Higher coverage limits could make you a target
You might be seen by plaintiffs as a ‘deep pocket’
Physicians carrying a high coverage limit can make themselves a target as a “deep pocket” for any incident or claim, warns Elke Kirsten-Brauer, Dipl-Kfm, executive vice president and chief underwriting officer for MGIS Underwriting Managers, a business unit of The MGIS Companies, based in Salt Lake City, UT.
“The selection of an appropriate limit of liability is a critical element of medical-professional liability coverage,” says Kirsten-Brauer. “Your professional broker is there to assist you in this decision.” She says to consider these items:
• With the trend of hospitals or health systems buying medical practices, some physicians will be covered by the hospital’s captive or liability program.
“This may provide higher limits to the physician than what they may get on their own,” says Kirsten-Brauer.
• If physicians practice in a state with joint and several liability laws, they might not want to carry higher limits so they do not become the target defendant.
• Coverage requirements not only depend on hospitals or preferred provider organizations the physician contracts with, but also state requirements.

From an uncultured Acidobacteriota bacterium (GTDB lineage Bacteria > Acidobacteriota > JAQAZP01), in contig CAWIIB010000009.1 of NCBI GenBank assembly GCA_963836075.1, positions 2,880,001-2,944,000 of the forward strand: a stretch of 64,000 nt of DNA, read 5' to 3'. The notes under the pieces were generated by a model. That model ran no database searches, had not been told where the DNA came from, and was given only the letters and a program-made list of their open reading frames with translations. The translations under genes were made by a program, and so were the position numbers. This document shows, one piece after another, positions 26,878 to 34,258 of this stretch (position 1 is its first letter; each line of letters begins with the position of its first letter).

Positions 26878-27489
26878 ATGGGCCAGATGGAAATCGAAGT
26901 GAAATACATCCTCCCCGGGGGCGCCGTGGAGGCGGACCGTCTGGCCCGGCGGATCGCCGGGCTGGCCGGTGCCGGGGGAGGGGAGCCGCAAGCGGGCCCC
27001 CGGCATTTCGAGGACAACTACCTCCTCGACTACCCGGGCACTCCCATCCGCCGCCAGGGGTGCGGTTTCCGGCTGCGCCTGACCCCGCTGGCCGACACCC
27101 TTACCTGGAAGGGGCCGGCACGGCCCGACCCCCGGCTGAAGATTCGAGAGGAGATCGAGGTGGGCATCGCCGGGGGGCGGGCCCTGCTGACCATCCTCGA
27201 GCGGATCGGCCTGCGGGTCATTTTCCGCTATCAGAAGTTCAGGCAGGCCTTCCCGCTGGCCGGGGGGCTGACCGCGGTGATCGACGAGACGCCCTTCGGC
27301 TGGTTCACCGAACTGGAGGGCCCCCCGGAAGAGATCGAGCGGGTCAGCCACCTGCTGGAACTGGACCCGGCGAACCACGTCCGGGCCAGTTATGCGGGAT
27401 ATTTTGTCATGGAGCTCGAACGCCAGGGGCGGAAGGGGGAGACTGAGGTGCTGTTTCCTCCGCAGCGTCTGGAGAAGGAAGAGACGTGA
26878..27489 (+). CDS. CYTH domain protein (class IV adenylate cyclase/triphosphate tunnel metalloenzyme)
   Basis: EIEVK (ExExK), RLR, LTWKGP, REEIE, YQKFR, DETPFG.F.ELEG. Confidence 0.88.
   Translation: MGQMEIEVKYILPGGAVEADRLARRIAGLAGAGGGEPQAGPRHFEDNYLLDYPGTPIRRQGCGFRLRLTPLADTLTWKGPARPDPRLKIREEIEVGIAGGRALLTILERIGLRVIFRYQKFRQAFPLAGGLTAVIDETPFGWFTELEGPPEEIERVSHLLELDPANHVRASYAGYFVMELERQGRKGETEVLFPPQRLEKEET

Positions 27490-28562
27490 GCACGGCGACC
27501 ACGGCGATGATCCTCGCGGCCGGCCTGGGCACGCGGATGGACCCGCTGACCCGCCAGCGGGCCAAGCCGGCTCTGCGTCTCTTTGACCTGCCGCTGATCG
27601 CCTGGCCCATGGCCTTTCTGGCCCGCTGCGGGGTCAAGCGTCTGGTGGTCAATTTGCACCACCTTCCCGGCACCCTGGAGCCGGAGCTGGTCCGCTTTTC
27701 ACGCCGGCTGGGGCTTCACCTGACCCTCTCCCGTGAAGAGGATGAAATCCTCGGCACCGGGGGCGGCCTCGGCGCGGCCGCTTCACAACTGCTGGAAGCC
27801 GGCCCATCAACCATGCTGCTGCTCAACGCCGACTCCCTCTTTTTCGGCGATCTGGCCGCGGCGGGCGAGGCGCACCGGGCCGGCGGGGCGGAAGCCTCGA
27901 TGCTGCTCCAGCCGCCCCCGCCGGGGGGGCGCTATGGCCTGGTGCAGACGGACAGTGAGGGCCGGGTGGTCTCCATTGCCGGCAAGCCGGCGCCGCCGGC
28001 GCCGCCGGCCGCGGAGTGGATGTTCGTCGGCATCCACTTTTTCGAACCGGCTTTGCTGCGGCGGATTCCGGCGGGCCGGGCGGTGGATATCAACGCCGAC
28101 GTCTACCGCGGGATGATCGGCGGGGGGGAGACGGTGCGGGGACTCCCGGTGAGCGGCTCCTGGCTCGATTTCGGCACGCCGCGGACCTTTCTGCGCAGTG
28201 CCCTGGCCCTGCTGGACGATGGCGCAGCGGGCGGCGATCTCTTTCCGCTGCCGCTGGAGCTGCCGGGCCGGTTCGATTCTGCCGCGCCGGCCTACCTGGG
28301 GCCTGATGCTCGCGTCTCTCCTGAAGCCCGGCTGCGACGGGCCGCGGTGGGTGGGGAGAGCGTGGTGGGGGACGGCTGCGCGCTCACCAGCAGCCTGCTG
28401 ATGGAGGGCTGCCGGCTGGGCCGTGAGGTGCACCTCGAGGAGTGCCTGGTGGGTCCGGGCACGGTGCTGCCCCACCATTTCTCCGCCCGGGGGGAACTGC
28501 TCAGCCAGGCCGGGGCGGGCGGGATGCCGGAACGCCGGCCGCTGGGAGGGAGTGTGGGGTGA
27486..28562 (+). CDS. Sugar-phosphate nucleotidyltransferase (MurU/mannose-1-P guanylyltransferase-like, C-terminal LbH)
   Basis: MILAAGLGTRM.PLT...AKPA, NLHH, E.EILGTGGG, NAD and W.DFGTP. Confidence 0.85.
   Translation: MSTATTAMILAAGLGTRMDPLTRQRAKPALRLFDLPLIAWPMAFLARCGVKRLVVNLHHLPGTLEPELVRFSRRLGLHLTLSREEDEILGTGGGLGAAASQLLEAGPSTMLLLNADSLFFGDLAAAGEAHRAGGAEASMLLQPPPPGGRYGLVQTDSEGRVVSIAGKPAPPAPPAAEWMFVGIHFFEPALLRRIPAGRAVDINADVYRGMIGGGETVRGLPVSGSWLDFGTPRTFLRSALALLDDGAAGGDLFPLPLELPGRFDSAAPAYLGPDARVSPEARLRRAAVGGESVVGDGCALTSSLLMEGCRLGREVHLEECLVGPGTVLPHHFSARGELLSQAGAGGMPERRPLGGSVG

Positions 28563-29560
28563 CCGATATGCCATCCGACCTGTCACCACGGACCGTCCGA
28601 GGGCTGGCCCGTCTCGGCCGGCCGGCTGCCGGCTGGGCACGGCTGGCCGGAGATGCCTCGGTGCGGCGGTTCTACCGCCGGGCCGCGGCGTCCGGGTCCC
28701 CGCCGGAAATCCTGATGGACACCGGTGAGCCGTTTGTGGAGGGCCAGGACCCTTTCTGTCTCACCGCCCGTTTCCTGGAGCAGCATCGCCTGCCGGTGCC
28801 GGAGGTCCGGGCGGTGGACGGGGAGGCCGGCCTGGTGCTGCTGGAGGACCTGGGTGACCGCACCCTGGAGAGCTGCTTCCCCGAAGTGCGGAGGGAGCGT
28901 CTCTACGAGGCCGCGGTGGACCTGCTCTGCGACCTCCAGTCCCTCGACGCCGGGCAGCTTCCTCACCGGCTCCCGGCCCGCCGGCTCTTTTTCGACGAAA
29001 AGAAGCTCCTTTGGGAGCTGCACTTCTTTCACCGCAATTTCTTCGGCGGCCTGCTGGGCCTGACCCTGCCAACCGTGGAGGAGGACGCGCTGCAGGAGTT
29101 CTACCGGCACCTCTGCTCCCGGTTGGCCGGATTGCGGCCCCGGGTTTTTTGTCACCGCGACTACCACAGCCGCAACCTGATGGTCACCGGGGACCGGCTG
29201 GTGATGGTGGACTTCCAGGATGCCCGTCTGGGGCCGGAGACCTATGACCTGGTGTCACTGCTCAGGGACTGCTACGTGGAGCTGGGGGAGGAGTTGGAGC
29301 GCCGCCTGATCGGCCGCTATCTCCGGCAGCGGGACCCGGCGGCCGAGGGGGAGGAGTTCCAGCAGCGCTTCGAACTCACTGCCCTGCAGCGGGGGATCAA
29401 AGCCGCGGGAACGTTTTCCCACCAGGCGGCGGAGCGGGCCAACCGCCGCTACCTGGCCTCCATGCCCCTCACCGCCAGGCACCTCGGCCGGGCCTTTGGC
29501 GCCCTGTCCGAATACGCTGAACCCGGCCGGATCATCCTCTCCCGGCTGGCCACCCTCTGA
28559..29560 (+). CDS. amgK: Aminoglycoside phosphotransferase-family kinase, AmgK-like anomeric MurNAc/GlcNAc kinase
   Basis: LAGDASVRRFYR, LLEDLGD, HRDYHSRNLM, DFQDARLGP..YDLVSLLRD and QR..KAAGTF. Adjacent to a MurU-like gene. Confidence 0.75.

Physicians operating in multiple states have to consider such state’s unique limit and/or state fund requirements, Kirsten-Brauer says.
“Since the last malpractice availability crisis, the limit of 1 million/3 million is most common for a physician’s professional liability coverage in most states, though states have different requirements,” she says.
• Physicians who own or operate a surgery center or endoscopic center should require contracting providers to carry their own specific set of limits with a financially strong, rated carrier.
• Liability limits should bear a reasonable relationship to the physician’s overall net worth.
“You want the limit high enough so the plaintiff is not eyeing your personal assets because your liability limits seem inadequate to cover the claimed loss,” says Kirsten-Brauer.
• Physicians normally should keep coverage limits in line with what others in their profession are carrying.
“It is important that your limit of liability be perceived by actual and potential claimants as reasonable within the context of the broader professional community,” she says.
For more information on coverage limits, contact:
- Elke Kirsten-Brauer, Dipl-Kfm, Chief Underwriting Officer, MGIS Underwriting Managers, Salt Lake City, UT. Phone: (801) 990-2400, Ext. 139. Email: elke. firstname.lastname@example.org.